Trumpets

557 Trumpet DayIn September, the Jews celebrate New Year's Day "Rosh Hashanah", which means "head of the year" in Hebrew. Part of the tradition of the Jews is that they eat a piece of a fish head, symbolic of the head of the year, and greet each other with "Leschana towa," meaning "a good year!". According to tradition, the feast of Rosh Hashanah is linked to the sixth day of the Creation Week, when God created man.
In the Hebrew text of the 3. Book of Moses 23,24 is given the day as "Sikron Terua", which means "memorial day with trumpet bubbles". Therefore, this festival is called in the German language «Trumpet Day».

Many rabbis teach that at Rosh Hashanah a shofar should be blasted at least 100 times, including a series of 30 painting to signal hope for the coming of the Messiah. According to the Jewish sources, there are three types of beeps that were blown on that day:

  • Teki'a - A long continuous tone as a symbol of hope in God's strength and as a praise that he is the God (of Israel).
  • Shevarin - Three shorter, interrupted sounds that symbolize the howling and wailing of sins and fallen humanity.
  • Teru'a - Nine fast, staccato-like sounds (similar to the sound of an alarm clock) to present the broken hearts of those who have come before God.

Ancient Israel originally used ram horns for their trumpets. However, after some time these became, as we from 4. Moses 10 experienced, replaced by trumpets (silver). The use of trumpets is mentioned 72 times in the Old Testament.

The trumpets were blown to alert in case of danger, to summon the people to a festive assembly to announce announcements, and as a call to worship. In times of war trombones were used to prepare the soldiers for their mission and then give the signal for combat use. Trumpets also announced the arrival of the king.

At the present time, some Christians celebrate the Trumpet Day as a feast day with a worship service and associate it with reference to future events, to Jesus' second coming or the rapture of the church.

Jesus is the lens through which we can interpret the whole Bible correctly. The Old Testament (which includes the Old Covenant) is now understood through the lens of the New Testament (with the New Covenant, which Jesus Christ has completely fulfilled). If we proceed in reverse order, we will arrive at the assumption that the New Covenant will not begin until the second coming of Jesus because of false conclusions. This assumption is a fundamental mistake. Some believe that we are in a transitional period between the Old and New Covenant and are therefore obliged to hold the Hebrew holidays.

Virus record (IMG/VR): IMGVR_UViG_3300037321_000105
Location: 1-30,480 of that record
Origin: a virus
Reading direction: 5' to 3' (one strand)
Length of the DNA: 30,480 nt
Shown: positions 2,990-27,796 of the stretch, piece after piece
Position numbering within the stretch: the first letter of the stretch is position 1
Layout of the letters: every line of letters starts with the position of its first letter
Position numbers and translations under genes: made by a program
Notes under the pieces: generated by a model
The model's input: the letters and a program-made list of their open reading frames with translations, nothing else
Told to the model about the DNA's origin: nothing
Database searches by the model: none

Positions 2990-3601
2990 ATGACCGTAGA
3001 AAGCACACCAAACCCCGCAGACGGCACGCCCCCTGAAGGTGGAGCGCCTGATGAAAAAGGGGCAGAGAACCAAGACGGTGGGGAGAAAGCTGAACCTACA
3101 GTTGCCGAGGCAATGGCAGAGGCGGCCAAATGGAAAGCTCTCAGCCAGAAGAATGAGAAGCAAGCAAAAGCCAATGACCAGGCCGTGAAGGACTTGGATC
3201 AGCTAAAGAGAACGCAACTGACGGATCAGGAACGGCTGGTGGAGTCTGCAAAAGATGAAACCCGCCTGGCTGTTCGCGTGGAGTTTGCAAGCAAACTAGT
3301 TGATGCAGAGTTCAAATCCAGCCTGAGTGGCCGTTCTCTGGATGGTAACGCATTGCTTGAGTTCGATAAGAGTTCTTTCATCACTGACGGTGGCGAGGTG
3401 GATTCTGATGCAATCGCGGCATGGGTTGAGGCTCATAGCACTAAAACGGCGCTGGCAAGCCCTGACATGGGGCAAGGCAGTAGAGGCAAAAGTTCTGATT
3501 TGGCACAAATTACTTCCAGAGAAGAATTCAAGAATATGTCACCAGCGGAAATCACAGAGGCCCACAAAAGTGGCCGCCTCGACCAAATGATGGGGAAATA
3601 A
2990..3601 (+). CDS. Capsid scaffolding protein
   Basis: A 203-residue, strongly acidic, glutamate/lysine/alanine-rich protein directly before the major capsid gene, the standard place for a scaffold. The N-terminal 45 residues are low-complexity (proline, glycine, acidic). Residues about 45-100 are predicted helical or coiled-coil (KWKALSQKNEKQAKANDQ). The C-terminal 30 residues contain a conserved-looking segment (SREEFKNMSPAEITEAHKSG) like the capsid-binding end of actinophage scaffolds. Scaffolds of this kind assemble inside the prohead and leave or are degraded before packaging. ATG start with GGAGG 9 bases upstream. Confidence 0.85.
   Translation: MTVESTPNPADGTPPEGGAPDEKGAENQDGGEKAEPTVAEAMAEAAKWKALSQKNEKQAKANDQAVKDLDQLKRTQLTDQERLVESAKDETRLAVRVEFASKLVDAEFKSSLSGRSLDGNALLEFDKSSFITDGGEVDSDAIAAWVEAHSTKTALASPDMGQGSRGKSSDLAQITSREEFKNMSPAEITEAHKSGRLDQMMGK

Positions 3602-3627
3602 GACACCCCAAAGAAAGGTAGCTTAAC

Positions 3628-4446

The Old Covenant existed only temporarily and this includes the Trumpet Day. By saying, "A new covenant, he made the first one old. But what grows old and aged is near the end »(Hebr 8,17). He was appointed to announce to the people the coming Messiah. The blowing of the trumpet to Rosh Hashanah not only signals the beginning of the annual festival calendar in Israel, but announces the message of the festival: "Our king is coming!"

The festivals of Israel are primarily associated with the harvests. Immediately before the first cereal festival, "Feast of the First Yarrow," the "Passover" and the "Feast of Unleavened Bread" took place. Fifty days later, the Israelites celebrated the Wheat Harvest Festival, the "Feast of the Weeks" (Whitsun), and in autumn, the Great Thanksgiving Day celebrated the "Feast of Tabernacles." In addition, the festivals have a deep spiritual and prophetic significance.

For me, the most important part of the Trumpet Day is how it refers to Jesus and how Jesus fulfilled it all when He first came. Jesus fulfilled the trumpet day through his incarnation, his work of reconciliation, his death and resurrection. Through these "events in Christ's life," God not only fulfilled His covenant with Israel (the Old Covenant), but changed all time forever. Jesus is the head of the year - the head, the Lord of all time, especially because he created the time. "He (Jesus) is the image of the invisible God, the firstborn before all creation. For in him is created all that is in heaven and on earth, the visible and the invisible, whether thrones or dominions or powers or powers; it is all created by him and to him. And he is above all, and everything is in him. And he is the head of the body, the church. He is the beginning, the firstborn of the dead, that he may be first in all things. For it pleased God to let all fullness dwell in him, and to reconcile through him all things unto him, whether on earth or in heaven, making peace through his blood on the cross "(Col. 1,15-20).

Jesus prevailed where the first Adam had failed and he is the last Adam. Jesus is our Passover lamb, our unleavened bread and our reconciliation. He is the one and only one who removed our sins. Jesus is our Sabbath in which we find peace from sin.

As a lord of all time he now lives in you and you in him. The whole time you experience is sacred because you live the new life of Jesus Christ that you have in communion with him. Jesus, is your Redeemer, Savior, Savior, King and Lord. He has let the trumpet sound once and for all!

by Joseph Tkach